New Holiday Inn guestrooms take homey look
02 OCTOBER 2015 8:18 AM
IHG officials outlined new design standards for Holiday Inn-branded hotels aimed to capture both business and leisure travelers.
SAN FRANCISCO—InterContinental Hotels Group executives are hopeful they’ve struck the right balance to draw both business and leisure travelers with newly unveiled guestrooms for Holiday Inn.
IHG officials announced the new guestroom design termed H4 for happiness, hospitality, home and Holiday Inn at the 2015 IHG Americas Owners Conference.
The new initiative is designed to make rooms feel more like home and allow travelers to transform the space based on their needs, said Eric Lent, VP Americas for the Holiday Inn brand.
“Working together, we created more than just a great hotel room,” Lent said. “We created a great Holiday Inn guestroom: a room with flexibility to meet the different needs of different owners, and flexibility to meet the needs of both business and leisure travelers.”
Some of the rooms’ new features include a “welcome nook” designed to emulate guests’ experience of walking into their own home. It is a space for guests to drop their belongings, plug in their phones and hang their coats. The rooms also have five dedicated “points of power” so guests can easily charge devices.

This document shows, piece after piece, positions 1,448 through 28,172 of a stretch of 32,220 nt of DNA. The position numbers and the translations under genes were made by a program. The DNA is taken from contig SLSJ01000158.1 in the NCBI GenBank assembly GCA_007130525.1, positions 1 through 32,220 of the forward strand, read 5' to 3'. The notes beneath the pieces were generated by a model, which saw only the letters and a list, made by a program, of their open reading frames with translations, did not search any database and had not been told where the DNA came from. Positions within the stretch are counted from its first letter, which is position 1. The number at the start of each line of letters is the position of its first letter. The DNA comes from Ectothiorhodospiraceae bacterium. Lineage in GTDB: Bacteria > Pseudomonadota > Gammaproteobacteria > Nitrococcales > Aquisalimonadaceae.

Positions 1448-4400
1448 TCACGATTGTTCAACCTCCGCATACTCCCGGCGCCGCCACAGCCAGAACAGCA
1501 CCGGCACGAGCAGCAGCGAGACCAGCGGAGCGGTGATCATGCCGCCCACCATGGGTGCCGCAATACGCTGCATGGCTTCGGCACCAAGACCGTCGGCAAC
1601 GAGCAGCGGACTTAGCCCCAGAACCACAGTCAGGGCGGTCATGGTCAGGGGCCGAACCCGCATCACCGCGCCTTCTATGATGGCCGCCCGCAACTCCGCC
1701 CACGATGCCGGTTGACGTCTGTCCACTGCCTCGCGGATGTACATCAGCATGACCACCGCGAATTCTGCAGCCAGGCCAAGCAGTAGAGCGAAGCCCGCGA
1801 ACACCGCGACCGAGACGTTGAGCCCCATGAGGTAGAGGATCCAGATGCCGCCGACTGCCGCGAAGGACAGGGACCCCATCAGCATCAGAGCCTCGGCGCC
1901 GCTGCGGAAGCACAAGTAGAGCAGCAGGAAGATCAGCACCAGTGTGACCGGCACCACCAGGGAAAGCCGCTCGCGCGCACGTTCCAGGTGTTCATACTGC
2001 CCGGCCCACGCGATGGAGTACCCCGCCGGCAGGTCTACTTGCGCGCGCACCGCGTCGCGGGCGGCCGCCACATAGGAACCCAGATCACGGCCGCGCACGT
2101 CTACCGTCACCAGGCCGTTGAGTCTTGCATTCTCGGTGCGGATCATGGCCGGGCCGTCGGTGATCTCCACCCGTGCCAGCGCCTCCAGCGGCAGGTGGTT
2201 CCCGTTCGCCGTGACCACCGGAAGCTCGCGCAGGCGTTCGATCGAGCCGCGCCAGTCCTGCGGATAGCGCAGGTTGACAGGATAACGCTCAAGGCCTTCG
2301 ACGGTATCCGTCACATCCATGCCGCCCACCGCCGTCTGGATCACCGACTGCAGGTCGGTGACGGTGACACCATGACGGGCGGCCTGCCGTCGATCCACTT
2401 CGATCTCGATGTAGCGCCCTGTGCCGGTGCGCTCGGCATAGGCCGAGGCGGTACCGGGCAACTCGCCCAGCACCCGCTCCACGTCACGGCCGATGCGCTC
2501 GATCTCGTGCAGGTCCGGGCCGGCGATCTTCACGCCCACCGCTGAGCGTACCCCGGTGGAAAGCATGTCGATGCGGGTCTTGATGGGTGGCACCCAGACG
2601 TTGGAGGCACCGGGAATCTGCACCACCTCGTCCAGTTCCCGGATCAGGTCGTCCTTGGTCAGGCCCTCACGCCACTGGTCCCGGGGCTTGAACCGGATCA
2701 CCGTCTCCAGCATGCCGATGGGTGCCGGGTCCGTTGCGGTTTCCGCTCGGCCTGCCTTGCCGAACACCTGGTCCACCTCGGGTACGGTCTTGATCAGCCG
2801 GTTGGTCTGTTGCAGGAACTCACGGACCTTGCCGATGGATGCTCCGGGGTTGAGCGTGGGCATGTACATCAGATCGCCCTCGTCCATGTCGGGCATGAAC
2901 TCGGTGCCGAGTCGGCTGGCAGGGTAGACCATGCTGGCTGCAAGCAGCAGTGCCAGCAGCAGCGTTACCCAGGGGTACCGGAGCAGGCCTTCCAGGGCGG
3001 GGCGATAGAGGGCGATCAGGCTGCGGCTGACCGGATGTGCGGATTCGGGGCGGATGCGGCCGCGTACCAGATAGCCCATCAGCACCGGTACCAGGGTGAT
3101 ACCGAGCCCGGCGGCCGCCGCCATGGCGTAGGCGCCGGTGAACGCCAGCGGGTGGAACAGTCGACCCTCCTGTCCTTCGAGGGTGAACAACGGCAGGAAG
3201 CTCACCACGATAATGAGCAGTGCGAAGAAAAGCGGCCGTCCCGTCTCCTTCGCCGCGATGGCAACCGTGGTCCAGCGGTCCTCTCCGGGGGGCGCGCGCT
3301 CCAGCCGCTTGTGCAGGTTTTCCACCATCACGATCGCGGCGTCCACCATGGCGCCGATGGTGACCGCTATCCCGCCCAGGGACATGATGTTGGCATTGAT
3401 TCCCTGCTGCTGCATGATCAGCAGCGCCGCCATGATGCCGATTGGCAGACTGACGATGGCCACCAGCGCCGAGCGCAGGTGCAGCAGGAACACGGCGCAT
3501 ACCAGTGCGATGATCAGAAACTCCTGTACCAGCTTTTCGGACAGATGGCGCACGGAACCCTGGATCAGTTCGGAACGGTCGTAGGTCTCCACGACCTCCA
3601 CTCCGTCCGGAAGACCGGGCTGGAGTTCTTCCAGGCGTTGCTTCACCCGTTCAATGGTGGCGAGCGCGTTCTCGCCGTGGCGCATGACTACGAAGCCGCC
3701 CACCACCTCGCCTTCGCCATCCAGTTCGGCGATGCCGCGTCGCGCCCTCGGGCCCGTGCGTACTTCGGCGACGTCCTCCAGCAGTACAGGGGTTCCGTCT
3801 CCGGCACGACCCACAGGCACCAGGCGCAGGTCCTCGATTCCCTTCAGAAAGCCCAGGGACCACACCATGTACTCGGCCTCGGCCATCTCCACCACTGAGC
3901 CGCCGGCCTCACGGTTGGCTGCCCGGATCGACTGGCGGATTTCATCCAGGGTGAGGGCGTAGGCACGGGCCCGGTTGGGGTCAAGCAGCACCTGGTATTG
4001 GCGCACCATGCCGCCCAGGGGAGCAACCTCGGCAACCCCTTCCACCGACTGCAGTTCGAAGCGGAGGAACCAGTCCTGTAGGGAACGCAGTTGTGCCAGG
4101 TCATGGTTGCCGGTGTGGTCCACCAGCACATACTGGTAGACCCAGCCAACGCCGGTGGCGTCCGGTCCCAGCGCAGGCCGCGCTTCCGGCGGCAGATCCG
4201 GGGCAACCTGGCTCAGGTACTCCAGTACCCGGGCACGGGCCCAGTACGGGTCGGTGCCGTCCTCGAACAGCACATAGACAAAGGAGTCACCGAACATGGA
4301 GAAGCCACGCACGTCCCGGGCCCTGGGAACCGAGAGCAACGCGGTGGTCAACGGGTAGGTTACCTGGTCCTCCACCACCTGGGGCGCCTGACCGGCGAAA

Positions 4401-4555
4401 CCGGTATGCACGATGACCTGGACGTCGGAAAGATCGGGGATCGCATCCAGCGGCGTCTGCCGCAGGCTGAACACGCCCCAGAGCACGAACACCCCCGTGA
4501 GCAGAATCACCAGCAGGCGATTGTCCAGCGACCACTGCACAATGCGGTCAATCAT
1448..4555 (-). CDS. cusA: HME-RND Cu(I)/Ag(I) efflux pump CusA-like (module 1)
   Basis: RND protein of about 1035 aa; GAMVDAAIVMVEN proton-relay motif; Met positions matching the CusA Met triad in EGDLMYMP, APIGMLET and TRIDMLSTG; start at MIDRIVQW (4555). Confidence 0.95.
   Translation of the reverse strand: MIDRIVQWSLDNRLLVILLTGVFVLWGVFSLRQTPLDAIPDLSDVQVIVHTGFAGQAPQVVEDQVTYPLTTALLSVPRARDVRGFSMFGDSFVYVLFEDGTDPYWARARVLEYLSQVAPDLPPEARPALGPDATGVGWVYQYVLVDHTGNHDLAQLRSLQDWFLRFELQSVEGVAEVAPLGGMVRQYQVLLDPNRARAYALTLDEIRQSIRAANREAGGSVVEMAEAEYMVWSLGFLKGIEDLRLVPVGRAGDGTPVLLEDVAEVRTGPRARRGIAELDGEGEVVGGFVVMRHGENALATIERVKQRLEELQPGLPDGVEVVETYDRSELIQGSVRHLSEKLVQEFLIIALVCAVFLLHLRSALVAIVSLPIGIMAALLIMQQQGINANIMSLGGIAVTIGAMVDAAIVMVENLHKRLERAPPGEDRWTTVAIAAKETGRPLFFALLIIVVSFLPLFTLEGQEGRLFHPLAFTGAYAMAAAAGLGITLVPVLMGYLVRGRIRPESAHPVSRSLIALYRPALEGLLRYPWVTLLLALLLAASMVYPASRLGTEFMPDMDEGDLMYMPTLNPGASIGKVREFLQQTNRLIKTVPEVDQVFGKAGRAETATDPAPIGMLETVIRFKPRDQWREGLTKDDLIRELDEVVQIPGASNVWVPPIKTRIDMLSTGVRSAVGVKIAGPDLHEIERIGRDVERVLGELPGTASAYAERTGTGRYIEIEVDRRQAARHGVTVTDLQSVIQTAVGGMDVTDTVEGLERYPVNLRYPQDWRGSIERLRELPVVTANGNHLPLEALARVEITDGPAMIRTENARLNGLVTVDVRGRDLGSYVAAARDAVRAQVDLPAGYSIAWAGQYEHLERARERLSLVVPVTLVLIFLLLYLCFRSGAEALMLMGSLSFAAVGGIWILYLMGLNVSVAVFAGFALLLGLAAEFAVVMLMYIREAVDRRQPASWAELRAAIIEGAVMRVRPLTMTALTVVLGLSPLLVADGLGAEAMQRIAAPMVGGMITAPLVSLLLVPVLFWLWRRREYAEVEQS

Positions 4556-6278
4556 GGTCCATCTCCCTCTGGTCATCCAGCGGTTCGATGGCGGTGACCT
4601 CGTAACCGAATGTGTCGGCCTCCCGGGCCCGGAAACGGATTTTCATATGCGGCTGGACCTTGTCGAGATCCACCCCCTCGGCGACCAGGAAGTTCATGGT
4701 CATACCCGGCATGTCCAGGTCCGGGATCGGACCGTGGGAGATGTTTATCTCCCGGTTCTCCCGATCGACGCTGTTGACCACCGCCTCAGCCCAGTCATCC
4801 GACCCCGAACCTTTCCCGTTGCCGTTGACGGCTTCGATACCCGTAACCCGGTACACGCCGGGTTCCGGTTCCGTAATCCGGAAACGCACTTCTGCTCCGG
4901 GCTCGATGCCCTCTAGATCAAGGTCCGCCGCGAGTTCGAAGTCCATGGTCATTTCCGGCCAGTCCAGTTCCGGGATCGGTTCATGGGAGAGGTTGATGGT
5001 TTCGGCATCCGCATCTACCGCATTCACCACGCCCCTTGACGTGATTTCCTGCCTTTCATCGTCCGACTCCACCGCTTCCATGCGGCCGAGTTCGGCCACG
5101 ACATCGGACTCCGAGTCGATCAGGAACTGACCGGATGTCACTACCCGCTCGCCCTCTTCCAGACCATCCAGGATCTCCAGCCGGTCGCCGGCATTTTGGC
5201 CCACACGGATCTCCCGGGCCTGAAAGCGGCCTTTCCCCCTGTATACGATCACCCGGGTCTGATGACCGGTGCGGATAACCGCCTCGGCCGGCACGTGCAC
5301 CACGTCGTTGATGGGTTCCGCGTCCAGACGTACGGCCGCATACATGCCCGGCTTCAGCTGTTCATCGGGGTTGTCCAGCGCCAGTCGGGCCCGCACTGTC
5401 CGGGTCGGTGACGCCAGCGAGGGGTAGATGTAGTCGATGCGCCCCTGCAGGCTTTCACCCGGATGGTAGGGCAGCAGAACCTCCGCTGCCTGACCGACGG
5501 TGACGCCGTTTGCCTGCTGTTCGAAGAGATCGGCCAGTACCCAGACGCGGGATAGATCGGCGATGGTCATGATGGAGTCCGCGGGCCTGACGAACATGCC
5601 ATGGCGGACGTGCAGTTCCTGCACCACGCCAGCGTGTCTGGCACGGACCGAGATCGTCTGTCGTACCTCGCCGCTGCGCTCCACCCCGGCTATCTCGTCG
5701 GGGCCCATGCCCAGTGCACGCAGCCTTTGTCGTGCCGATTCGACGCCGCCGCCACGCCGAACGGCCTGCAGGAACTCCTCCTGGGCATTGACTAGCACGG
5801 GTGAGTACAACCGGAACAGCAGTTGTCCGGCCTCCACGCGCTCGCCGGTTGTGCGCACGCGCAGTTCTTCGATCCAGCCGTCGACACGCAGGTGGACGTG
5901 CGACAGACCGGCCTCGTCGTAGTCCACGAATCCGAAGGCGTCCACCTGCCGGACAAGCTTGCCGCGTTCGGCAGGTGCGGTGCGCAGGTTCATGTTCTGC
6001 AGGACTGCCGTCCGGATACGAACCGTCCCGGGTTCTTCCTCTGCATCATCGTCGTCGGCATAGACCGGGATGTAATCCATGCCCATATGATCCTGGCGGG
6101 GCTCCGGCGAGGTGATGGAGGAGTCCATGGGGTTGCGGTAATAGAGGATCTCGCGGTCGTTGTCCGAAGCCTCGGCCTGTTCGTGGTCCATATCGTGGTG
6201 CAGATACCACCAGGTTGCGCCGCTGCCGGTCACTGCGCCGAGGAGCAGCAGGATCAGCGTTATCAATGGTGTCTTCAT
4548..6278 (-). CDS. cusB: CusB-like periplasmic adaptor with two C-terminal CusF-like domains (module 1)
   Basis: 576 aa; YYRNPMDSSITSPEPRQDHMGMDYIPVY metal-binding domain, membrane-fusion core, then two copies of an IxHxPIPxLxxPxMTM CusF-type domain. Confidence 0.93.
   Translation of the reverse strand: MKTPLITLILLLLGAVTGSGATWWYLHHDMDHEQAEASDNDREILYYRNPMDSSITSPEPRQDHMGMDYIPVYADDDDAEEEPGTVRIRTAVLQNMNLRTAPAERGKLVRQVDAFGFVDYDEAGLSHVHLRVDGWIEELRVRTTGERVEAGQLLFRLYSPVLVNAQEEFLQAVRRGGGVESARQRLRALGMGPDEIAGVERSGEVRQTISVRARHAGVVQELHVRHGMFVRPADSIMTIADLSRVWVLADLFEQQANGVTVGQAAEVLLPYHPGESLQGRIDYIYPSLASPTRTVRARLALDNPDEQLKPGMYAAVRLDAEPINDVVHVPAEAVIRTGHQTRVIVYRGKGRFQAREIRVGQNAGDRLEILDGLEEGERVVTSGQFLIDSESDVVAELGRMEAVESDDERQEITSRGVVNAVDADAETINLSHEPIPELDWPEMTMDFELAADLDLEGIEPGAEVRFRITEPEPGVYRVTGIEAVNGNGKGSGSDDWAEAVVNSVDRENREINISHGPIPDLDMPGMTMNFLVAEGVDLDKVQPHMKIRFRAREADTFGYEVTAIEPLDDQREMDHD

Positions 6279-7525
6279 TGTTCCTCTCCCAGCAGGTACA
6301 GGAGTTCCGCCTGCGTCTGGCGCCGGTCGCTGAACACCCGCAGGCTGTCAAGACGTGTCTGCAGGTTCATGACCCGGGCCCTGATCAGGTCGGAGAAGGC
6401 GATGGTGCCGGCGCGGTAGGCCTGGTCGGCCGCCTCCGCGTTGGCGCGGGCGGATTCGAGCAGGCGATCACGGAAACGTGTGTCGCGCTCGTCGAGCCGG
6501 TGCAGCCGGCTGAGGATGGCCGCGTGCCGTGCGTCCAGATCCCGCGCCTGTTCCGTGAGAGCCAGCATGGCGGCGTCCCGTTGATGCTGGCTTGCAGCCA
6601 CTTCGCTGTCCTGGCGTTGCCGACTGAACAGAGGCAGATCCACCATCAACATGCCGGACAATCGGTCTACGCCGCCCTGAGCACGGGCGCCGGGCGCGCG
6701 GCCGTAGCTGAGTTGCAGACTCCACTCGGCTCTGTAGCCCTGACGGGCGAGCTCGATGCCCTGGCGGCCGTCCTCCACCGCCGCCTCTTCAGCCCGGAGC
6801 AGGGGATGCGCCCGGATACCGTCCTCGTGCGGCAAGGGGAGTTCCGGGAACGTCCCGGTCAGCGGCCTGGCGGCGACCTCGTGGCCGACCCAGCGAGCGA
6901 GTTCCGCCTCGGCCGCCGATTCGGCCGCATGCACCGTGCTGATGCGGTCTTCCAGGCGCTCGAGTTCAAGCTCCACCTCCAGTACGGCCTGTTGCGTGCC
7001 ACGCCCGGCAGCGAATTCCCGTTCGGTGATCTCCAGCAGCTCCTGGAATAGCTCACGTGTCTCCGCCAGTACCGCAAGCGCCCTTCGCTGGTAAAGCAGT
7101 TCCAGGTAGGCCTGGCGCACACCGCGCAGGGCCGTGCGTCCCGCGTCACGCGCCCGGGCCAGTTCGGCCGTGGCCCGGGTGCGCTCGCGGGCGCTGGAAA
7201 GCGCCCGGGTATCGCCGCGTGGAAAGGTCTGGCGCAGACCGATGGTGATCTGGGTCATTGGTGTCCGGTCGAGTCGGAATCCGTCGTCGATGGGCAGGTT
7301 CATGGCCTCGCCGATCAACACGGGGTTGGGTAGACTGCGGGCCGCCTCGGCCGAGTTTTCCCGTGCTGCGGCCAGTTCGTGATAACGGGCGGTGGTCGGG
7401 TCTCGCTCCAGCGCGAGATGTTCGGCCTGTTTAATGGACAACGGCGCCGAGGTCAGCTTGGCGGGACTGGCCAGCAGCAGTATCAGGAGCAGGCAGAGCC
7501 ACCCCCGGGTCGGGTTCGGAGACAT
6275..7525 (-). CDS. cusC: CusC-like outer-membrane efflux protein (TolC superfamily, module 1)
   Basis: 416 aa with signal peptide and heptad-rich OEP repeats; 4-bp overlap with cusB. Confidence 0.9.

The new designs embrace the concept of convertible furniture, allowing guests to adapt more to their individual needs. The newly offered “King Bed with Comfort Hideaway” room type will feature a trundle bed, which can be pulled out and used as two twin beds, or could be stored and used as a sofa. There are also moveable desks in the rooms.
Elie Maalouf, CEO of the Americas for IHG, said the company expects the redesign to have a sizable effect on the brand.
“It looks transformative,” Maalouf said. “It feels different, more like your residence than a hotel room.”
Heather Balsley, IHG’s senior VP for Americas brands, said the company has been working closely with the IHG Owners Association for a little over a year, and came up with H4 with the help of a panel of more than 10 Holiday Inn owners. She said the process of implementing the designs will have to adapt with owner feedback.
“We view today’s launch as the start of the learning phase for this,” Balsley said.
IHG officials laid out a timeline for adopting the new design standards. A group of four or five pilot hotels, three of which are owned by members of the owners panel that helped establish H4, will feature the new designs in the first quarter of 2016. They will then become required for all new builds and renovations in the second half of that year.
This is the second time in as many years that IHG has unveiled a widescale redesign effort for one of its brands. A similar effort, referred to as Formula Blue, was announced for Holiday Inn Express in 2014. That design plan is now required for all new builds and renovations.
Jennifer Gribble, VP Americas for the Holiday Inn Express brand, said 50 hotels offer a hybrid of Formula Blue, using key features in their existing design. A total of 15 now have full Formula Blue designs, another 60 will be operating by the end of 2015 and 350 more are expected in 2016.
IHG officials also announced new casegood options for owners adopting Formula Blue.